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People behave badly from time to time. When they
do, societies often punish them by publicly condemning their behavior, often in severe ways (e.g., Cohen,
Nisbett, Bowdle, & Schwartz, 1996; Gilligan, 1996;
Hartling & Luchetta, 1999; Linder, 2006; W. T.
Miller, 1993; Scheff & Retzinger, 1997). Before the
modern era severe public condemnation in various
forms was a common means of punishment. Colonial
America had its stock and pillories, for example.
Even in recent American history, public condemnation of wrongdoing has occasionally taken the form
of forcing wrongdoers to wear sandwich board signs
(which tell passersby of their misdeeds) in very public
Those who still use severe public condemnation as a
means to punish wrongdoers may sometimes have
well-intentioned goals. They may believe it a fitting
punishment, rather than a ‘‘cruel and unusual’’ one.
Perhaps, more important, they may assume that it will
awaken moral emotions, such as shame or guilt in
wrongdoers. Doing so would seem to be an especially
good idea, as moral emotions are thought to ‘‘provide
the motivational force . . . to do good and avoid doing
bad’’ (Tangney, Stuewig, & Mashek, 2007, p. 347).
Guilt, for example, is commonly thought to ‘‘involve
an appraisal of an action’s wrongness and often leads
to . . . reparation and apology’’ (Giner-Sorolla, Castano,
Espinosa, & Brown, 2008, p. 520; also see Baumeister,
Stillwell, & Heatherton, 1994; Tangney & Dearing,
2002). Similarly, ‘‘shame involves an appraisal that one’s
core self is somehow defective or flawed’’ (Giner-Sorolla
et al., 2008, p. 520; see also Tangney & Dearing, 2002;
Tracy & Robins, 2006) and in need of modification. If
public condemnation actually leads to such outcomes,
then it might be a very useful strategy for dealing with

Public condemnation can also produce the experience
of humiliation, the state of being ‘‘brought low in
condition or status; reduced in dignity; humbled’’
(‘‘Humiliation,’’ 1913=1996), and ‘‘the especially mortifying, painful lowering in pride and respect that the
experience is assumed to entail’’ (‘‘Humiliating,’’ 1998).
Although humiliating a wrongdoer may seem a fitting
and norm-establishing punishment for misdeeds (e.g.,
Grasmick & Green, 1980) designed to promote the
related but distinctive moral emotions of guilt and
shame, a number of analyses of humiliation suggest


that it may actually arouse resentment and anger in
wrongdoers, despite the clear fact of their own immoral
behavior (e.g., Braithwaite, 2006; Harris, 2006;
Morrison & Ahmed, 2006; Massaro, 1997; Nussbaum,
2004). Rather than promoting beneficial moral emotions, as well as intentions to make amends for the
wrongdoing, a humiliated person may feel attacked,
unfairly treated, offended, outraged, and consequently
vengeful. Moral emotions the wrongdoer might have felt
as well as any inclinations to make amends may be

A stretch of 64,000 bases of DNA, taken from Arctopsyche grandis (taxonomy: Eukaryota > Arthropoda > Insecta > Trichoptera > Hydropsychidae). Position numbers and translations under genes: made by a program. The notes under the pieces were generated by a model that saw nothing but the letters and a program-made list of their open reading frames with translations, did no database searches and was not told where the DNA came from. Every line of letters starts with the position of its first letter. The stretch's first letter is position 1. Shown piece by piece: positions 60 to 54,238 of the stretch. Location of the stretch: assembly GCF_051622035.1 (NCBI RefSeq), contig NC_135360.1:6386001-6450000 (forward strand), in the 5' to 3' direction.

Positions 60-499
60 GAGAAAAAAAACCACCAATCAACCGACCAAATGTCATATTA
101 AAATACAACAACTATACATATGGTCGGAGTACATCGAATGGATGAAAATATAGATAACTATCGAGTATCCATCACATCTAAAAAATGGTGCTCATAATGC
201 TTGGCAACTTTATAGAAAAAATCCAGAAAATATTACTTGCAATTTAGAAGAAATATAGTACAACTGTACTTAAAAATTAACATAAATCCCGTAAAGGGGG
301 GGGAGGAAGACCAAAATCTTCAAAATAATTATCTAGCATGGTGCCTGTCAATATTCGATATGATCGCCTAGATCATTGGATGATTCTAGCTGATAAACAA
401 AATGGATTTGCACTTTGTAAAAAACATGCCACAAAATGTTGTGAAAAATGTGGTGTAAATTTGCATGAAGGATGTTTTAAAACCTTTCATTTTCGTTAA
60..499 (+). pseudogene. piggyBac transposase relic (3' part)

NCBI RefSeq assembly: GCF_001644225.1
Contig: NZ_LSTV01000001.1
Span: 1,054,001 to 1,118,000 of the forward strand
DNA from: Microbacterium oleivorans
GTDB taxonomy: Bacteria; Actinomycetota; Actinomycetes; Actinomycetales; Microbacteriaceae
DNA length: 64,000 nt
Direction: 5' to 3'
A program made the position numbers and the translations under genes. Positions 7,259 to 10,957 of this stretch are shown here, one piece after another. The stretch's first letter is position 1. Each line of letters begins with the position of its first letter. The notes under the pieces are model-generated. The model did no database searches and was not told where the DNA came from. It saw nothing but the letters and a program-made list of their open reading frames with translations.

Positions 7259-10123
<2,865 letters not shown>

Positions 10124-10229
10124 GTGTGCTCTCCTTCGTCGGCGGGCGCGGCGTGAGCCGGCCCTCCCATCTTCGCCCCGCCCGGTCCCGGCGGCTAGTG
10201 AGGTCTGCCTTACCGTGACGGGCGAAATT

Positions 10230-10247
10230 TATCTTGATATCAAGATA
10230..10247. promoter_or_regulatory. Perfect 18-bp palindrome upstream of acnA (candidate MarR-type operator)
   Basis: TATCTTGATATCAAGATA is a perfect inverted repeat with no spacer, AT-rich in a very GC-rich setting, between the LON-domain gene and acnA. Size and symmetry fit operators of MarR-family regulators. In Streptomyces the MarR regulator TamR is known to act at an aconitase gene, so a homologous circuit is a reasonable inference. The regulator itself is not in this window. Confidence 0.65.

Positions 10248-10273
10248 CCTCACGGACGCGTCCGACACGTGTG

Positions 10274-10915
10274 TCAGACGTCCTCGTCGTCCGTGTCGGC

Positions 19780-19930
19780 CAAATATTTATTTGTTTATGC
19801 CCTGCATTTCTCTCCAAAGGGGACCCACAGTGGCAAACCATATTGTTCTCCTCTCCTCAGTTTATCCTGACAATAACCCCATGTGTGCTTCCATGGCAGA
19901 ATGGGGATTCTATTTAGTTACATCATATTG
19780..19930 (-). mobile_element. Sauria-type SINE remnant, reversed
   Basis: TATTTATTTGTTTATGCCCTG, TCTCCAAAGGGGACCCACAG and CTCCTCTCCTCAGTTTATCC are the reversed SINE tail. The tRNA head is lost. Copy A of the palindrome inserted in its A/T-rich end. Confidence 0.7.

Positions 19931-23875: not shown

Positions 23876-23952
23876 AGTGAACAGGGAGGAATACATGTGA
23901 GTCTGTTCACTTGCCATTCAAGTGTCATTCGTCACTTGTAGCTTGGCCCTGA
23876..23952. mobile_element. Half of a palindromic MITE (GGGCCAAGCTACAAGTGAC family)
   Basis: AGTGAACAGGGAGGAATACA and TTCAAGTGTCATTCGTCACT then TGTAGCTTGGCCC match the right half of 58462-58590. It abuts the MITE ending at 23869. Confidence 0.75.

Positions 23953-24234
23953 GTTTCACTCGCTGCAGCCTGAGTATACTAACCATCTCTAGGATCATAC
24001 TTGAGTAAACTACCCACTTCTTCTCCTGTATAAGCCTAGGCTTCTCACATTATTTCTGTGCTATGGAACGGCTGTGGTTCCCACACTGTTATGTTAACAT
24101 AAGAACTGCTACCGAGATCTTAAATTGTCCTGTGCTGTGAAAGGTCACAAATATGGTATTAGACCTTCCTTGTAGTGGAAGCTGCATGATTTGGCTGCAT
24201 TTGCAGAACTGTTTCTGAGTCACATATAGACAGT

obviated by a feeling that he or she is now more the
wronged than the wrongdoer.
Why should public condemnation produce such
reactions? After all, a moral transgressor has committed a wrongdoing and therefore ‘‘deserves’’ punishment. One possible explanation follows from the
disproportionate nature of the punishment. Although
most wrongdoers believe that they deserve some kind
of punishment, humiliating public condemnation
crosses some subjective line of fairness and proportionality. Indeed, as Klein (1991) noted, ‘‘people believe
they deserve their shame; they do not believe they
deserve their humiliation’’ (p. 117). Consequently,
wrongdoers may shift focus from their own immoral
actions to the inappropriate actions of the humiliator,
who now appears to have lost the moral upper hand.
This turning of the moral tables may release wrongdoers from feelings of shame or guilt and breed anger
and resentment in their stead.
This was undoubtedly the case for Franklin. He
almost certainly realized that he had behaved
improperly and appears to have felt some level of
guilt over his role in the letter scandal. In time,
according to Issacson (2003), Franklin realized that
he would need to take his medicine, and he came forward about his role in the matter. Yet, during the
course of his being berated, he clearly came to feel
that the crimes being committed against him outweighed the crimes he himself had committed. Surely
he deserved some form of punishment, but the way
he was publicly attacked was beyond the pale. One
sympathetic witness recalled that the rebuke was
beyond ‘‘all bounds and measures’’ (Brands, 2000,
p. 471). Consequently, where once Franklin may have
experienced moral emotions, the actions of the solicitor general possibly canceled out those feelings and
instead created intense anger and bitterness (Brands,
2000; Isaacson, 2003) in Franklin. After his public
dressing-down, Franklin took a measure of revenge
by writing increasingly bitter essays and newspaper
columns in the British press. Arguably, the humiliation Franklin suffered changed the course of history
(Schiff, 2006) as it may have been a critical moment in
his transformation from a loyal British citizen into an
ardent American revolutionary.